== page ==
by Fred McMillin
for April 4, 1997

Winery of the Week

How the Pope Coped

Origins:

1157 Geoffroy, Bishop of Avignon, plants vines north of town.
1305 Bertrand de Got, Archbisbop of Bordeaux, becomes Pope Clement V.
1307 Clement V moves the Papacy to Avignon.
1318 to 1333 To escape the summer heat, Clement's successor, John XXII, had a fortress-residence built north of Avignon, the new chateau of the Pope, or Chateauneuf-du-Pape. Vines are planted and wine is made.
1824 London wine authority Dr. Alexander Henderson visits the area and writes, "At Chateauneuf, six miles above Avignon, where the vines are very old, the best wine is made."

One of the places producing
that "best wine" was...

1560 First record of the existence of Chateau La Nerthe.
1760 The current chateau is built.
1785 La Nerthe wines shipped to America (Boston).
1996 "Chateau La Nerthe is the most elegant and substantial property...in the Chateauneuf-Du-Pape [district]"...from "Rhone Renaissance" by Remington Norman.

The Rest of the Story: So, the new French Pope didn't like the situation in Rome, and moved headquarters west to Avignon, leading ultimately to the development of a world-famous red wine district. If you want to taste what all the excitement has been about, the venerable Chateau La Nerthe will provide a marvelous introduction. Their 1993 is now available in the U.S.A...gentle, smooth, silky yet loaded with long-lasting flavors, $30. Serve it with your favorite beef dish, and follow that with a cheese course. 'Twill be a meal to remember.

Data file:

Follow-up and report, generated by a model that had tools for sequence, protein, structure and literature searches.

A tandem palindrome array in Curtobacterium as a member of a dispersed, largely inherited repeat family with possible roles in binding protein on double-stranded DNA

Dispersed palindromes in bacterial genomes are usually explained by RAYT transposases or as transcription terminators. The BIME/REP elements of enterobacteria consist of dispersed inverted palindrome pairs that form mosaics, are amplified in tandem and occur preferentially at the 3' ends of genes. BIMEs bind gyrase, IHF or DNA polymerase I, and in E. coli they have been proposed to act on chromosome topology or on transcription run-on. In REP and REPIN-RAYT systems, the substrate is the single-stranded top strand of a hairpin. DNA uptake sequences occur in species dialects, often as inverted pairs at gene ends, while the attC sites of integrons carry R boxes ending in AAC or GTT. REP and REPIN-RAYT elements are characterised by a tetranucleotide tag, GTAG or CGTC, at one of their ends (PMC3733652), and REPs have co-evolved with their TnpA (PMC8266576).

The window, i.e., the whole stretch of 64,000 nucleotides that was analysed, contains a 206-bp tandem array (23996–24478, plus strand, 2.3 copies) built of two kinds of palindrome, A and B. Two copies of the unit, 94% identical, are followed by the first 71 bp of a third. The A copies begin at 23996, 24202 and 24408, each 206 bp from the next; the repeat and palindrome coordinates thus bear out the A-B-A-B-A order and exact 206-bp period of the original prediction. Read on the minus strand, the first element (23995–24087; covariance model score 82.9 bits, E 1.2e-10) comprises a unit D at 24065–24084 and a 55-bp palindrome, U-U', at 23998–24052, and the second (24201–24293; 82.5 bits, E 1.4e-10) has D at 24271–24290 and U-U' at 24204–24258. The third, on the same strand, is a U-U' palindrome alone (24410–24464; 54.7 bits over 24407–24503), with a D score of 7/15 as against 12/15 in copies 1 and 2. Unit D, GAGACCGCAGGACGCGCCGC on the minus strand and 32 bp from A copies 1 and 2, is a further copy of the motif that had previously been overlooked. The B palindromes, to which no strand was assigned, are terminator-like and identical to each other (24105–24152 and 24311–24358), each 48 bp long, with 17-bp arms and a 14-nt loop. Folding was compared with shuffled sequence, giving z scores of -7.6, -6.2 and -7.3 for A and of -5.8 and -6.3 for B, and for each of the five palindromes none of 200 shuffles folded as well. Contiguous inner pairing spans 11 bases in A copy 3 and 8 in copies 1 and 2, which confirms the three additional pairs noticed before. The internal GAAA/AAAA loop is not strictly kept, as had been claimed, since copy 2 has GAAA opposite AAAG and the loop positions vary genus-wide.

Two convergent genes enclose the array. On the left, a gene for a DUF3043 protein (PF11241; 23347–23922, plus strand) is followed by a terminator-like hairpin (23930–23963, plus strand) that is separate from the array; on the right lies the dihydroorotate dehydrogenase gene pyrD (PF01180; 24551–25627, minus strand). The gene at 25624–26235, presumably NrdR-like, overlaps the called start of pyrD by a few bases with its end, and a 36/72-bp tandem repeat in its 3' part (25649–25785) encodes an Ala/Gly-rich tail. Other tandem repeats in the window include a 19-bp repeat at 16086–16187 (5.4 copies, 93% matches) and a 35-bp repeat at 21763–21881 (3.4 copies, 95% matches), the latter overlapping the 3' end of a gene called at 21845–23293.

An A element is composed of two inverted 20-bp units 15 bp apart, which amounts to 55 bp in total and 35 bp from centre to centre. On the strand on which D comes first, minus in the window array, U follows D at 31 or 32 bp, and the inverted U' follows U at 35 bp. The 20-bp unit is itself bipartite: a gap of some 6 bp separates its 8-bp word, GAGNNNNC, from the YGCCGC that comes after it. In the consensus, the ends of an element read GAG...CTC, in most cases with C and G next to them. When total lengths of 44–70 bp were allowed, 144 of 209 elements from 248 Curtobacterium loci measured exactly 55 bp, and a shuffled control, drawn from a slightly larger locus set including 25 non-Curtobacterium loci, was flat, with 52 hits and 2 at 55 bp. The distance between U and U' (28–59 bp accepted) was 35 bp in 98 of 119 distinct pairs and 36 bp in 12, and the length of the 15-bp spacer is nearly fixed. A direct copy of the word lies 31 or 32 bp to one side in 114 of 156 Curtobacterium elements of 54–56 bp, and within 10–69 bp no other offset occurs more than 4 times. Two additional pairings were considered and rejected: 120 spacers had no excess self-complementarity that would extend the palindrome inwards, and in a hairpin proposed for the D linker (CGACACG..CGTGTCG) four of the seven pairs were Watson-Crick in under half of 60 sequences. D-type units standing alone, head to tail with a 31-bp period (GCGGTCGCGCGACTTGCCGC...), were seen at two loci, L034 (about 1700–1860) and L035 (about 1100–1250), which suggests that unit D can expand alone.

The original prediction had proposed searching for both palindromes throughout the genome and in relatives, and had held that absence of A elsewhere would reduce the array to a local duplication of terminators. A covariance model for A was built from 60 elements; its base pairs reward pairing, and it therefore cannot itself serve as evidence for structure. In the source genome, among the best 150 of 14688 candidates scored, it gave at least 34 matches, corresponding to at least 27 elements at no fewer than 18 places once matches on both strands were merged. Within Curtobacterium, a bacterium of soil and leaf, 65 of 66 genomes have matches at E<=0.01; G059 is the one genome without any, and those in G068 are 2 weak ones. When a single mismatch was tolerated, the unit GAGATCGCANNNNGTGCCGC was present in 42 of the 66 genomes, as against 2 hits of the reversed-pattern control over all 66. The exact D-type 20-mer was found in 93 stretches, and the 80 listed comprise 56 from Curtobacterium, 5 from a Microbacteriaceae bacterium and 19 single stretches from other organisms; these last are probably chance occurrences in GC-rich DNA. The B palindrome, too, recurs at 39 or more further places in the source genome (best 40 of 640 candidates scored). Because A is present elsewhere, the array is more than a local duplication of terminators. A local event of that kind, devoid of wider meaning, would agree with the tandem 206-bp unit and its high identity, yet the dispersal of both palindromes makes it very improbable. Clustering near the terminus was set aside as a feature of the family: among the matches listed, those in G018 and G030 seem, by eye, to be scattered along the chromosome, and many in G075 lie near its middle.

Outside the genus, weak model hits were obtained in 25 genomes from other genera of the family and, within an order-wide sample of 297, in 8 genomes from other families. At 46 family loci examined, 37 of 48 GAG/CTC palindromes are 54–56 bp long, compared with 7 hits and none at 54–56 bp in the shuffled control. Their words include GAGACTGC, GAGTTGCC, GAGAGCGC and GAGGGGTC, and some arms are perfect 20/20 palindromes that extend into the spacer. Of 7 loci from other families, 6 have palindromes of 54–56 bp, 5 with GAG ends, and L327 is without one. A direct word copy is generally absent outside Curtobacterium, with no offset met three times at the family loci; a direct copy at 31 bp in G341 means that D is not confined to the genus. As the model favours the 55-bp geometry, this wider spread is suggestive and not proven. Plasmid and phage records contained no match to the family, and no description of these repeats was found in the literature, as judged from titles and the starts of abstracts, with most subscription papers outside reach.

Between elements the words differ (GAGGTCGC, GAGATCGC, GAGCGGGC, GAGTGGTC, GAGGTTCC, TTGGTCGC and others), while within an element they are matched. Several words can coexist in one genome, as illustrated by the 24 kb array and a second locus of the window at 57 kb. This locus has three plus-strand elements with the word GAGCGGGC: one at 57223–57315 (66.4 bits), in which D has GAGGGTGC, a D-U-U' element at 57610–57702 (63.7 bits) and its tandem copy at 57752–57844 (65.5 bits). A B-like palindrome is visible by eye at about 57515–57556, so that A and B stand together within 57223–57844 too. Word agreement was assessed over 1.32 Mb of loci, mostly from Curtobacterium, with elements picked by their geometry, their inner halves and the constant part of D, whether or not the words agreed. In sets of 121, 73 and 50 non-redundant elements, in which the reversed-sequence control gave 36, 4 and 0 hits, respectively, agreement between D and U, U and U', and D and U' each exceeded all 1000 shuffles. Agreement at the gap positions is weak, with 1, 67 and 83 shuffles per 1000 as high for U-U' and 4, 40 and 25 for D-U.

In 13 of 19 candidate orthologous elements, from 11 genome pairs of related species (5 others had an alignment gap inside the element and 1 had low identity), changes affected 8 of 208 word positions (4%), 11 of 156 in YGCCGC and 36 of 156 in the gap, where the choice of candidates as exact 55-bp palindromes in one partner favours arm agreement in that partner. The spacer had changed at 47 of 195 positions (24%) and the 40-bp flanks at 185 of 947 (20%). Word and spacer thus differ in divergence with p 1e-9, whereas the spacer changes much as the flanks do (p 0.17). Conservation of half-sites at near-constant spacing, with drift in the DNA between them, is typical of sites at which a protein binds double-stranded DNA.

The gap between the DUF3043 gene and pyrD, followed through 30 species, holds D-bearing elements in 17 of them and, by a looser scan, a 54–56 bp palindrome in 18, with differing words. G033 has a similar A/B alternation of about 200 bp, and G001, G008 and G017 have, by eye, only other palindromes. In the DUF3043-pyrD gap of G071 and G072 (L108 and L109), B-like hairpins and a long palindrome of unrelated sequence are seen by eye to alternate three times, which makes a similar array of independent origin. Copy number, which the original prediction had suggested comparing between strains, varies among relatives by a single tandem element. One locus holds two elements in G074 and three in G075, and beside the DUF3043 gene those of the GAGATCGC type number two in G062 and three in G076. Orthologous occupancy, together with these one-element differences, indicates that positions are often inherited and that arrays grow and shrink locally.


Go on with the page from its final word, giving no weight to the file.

Just the Facts

Name Chateau La Nerthe
Location Vaucluse, Rhone Valley, France
Vineyard The chateau is surrounded by a rare, 225-acre, single-block vineyard. The dozen or so varietals used in their red Du-Pape are planted there, Grenache, Mourvedre and Syrah dominating.
Production 25,000 cases, including a small amount of white Chateauneuf.
U. S. A Importer Clicquot, Inc., N.Y., N.Y.
Contact Christine Deussen at (212) 888-7575 in N.Y.C.

Postscript: In spite of the grand reputation of the La Nerthe Pape, production and sales dropped alarmingly about 50 years ago. Why? The Chateau was occupied by the German Luftwaffe!


About the Writer

Fred McMillin, a veteran wine writer, has taught wine history for 30 years on three continents. He currently teaches wine courses at San Francisco State and San Francisco City College and is Northern California Editor for American Wine on the Web. In 1995, the Academy of Wine Communications honored Fred with one of only 22 Certificates of Commendation awarded to American wine writers.


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